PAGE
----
Thursday, July 25, 2019

Super-Sized Serving this August!

At Crossroads we are challenging our folks to a 31-day challenge. In the month of August, we are urging our congregation to serve someone each day in an intentional, non-routine way. It could be as simple as making a special effort to pick up that piece of litter in the grocery store parking lot. Or it could be something major like committing to foster a child. 

The point is this: each day, do some act of service that you would not ordinarily do--or become more intentional about a customary act of service. Tune in to the leadership of God's Spirit, and let him show you how acts of kindness make a difference. To help you think of ways to serve, both big and small, we have created a list.  

Get ready for your month of service. Here are some ways to prepare.
  • Print out the list of Super-Sized Serving ideas and check the ones you could do.
  • Put on your calendar some of the time intensive service opportunities, like volunteering at a charity.
  • Ask a friend or family member to join you on some of your serving "capers."
  • Set a daily reminder on your phone, so you will be tuned in for random acts of service.
  • Get creative and brainstorm with friends about ways to serve.
  • Get ready to have fun and see the Spirit of God at work!
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Super-Sized Serving Ideas


Super-Sized Serving Ideas for August, 2019


Get ready to have some fun serving others! This list provides some ideas to get you thinking about how you can make a difference in people’s lives. There are easy, quick ideas and big commitment ideas. We have made four categories to help you think about various places for serving. Let’s take the Love of Jesus to a whole new level. Find some way to serve every day this August!



Home

Do someone else’s chores.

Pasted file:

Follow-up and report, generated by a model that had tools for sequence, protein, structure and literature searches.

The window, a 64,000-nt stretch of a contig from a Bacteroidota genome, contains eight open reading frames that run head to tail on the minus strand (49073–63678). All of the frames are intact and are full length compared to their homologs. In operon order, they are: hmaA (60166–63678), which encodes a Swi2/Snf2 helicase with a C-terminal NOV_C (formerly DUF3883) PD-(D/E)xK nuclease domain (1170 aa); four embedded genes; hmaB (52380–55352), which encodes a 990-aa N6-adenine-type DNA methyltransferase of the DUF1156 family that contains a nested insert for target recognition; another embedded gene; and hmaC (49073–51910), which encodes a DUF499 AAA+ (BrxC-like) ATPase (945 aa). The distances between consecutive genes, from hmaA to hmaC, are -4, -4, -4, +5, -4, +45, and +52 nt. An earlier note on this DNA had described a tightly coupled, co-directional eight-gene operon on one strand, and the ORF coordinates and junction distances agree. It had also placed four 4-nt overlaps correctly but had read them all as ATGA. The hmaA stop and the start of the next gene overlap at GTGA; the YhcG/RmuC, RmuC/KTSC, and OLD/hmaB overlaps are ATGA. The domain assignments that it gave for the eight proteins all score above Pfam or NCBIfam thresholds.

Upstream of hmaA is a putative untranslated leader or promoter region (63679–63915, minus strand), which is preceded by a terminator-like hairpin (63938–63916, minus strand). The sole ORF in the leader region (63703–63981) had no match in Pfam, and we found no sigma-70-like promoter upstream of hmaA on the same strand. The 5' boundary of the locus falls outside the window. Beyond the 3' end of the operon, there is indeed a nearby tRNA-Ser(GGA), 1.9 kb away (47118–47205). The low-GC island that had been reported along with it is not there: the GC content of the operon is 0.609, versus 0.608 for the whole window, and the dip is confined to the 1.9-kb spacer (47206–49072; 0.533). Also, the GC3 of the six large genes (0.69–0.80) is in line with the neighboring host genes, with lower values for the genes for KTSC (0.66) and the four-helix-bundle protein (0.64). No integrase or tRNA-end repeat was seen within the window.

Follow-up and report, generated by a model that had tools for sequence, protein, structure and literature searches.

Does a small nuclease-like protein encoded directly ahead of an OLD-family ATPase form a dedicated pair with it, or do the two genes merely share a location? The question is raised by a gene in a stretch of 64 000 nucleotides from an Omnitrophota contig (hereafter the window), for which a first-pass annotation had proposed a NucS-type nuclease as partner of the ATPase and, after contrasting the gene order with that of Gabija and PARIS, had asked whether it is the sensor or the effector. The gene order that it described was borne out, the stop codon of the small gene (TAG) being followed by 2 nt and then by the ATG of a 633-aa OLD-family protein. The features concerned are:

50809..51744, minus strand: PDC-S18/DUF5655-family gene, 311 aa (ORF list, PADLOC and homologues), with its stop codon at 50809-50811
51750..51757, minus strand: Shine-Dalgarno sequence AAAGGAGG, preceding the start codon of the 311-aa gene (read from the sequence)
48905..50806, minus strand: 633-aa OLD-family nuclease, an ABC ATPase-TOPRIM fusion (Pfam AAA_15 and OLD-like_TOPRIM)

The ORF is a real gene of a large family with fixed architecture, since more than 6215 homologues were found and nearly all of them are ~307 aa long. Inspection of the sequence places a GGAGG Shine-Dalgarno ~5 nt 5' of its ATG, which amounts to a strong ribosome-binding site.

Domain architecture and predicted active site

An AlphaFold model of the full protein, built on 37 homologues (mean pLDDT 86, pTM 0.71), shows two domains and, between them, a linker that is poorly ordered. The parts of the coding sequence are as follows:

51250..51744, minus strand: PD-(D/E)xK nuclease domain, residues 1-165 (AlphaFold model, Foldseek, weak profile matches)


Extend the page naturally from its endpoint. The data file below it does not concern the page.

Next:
Text a friend to say you are praying for them.

Pray for a missionary or missions agency.

Pray for someone who is not on your usual prayer list.

Keep an exchange student.

Foster a child.

Complete the “honey-do” item that you have avoided.

Pray for the first 5 people in your Facebook or Instagram feed.

Leave a love note for a family member.

Bring home fresh flowers.

Ask a family member, How can I pray for you?, and follow up.

Give opportunity for a family member to take a nap.

Let someone serve you who offers.

Clean out the refrigerator.

Weed the flower bed.

Sweep the garage.



Neighborhood

Bake a pie for a neighbor.

Mow for a vacationing neighbor.

Babysit for a friend.

Offer to tutor others on tech issues.

Invite a neighbor to go for a walk.

Play music at a nursing home.

Take a friend to coffee and really listen to their story.

Host a “get to know you” meal for your neighbors.

Listen intently to a kid’s stories.

Sign up to coach a sport.

Host a bingo night at a nursing home.

Visit someone in the hospital.

Take meal to someone in need.

Prepare care packages for college students.

Harvest your garden and share with a neighbor.

Order a pizza (and pay for it) for a friend close by or far away.

Sign up to be a “lunch buddy” at a local school.



Public

Help a stranger haul groceries.

Buy a meal for a stranger at a fast food restaurant.

Visit a prison.

Leave a thank you note for a waiter.

Search Craigslist for someone in need and help them out (don’t go alone).

Sell a luxury item and donate the money to someone in need.

Teach a class about your passion at your church building.

Art, tech, business, fashion, d├ęcor, carpentry, etc.

Keep a cooler of water bottles in your car on a hot day; give them away to thirsty people.

Post on Facebook, “How can I help you?” and follow up with the comments.

Pick up (a piece of) trash in a parking lot.

Help someone holding a cardboard sign.

Read to children at a Public school.

Help serve a meal or snack for teachers and staff.

Provide gift bags for teachers or parents.

Provide gift bags for first responders.

Walk your dog among people (e.g. college students) who miss their pets at home.

Deliver Meals on Wheels

Join in a workday

Piedmont Land Conservancy, Mountains to Sea Trail, your neighborhood, Habitat for Humanity, Camp Carefree



Charity

Make a craft to sell for Operation Christmas Child shipping.

Buy some food to donate.

Harvest your garden and share with a ministry.


Join the bone marrow registry. www.Bethematch.org.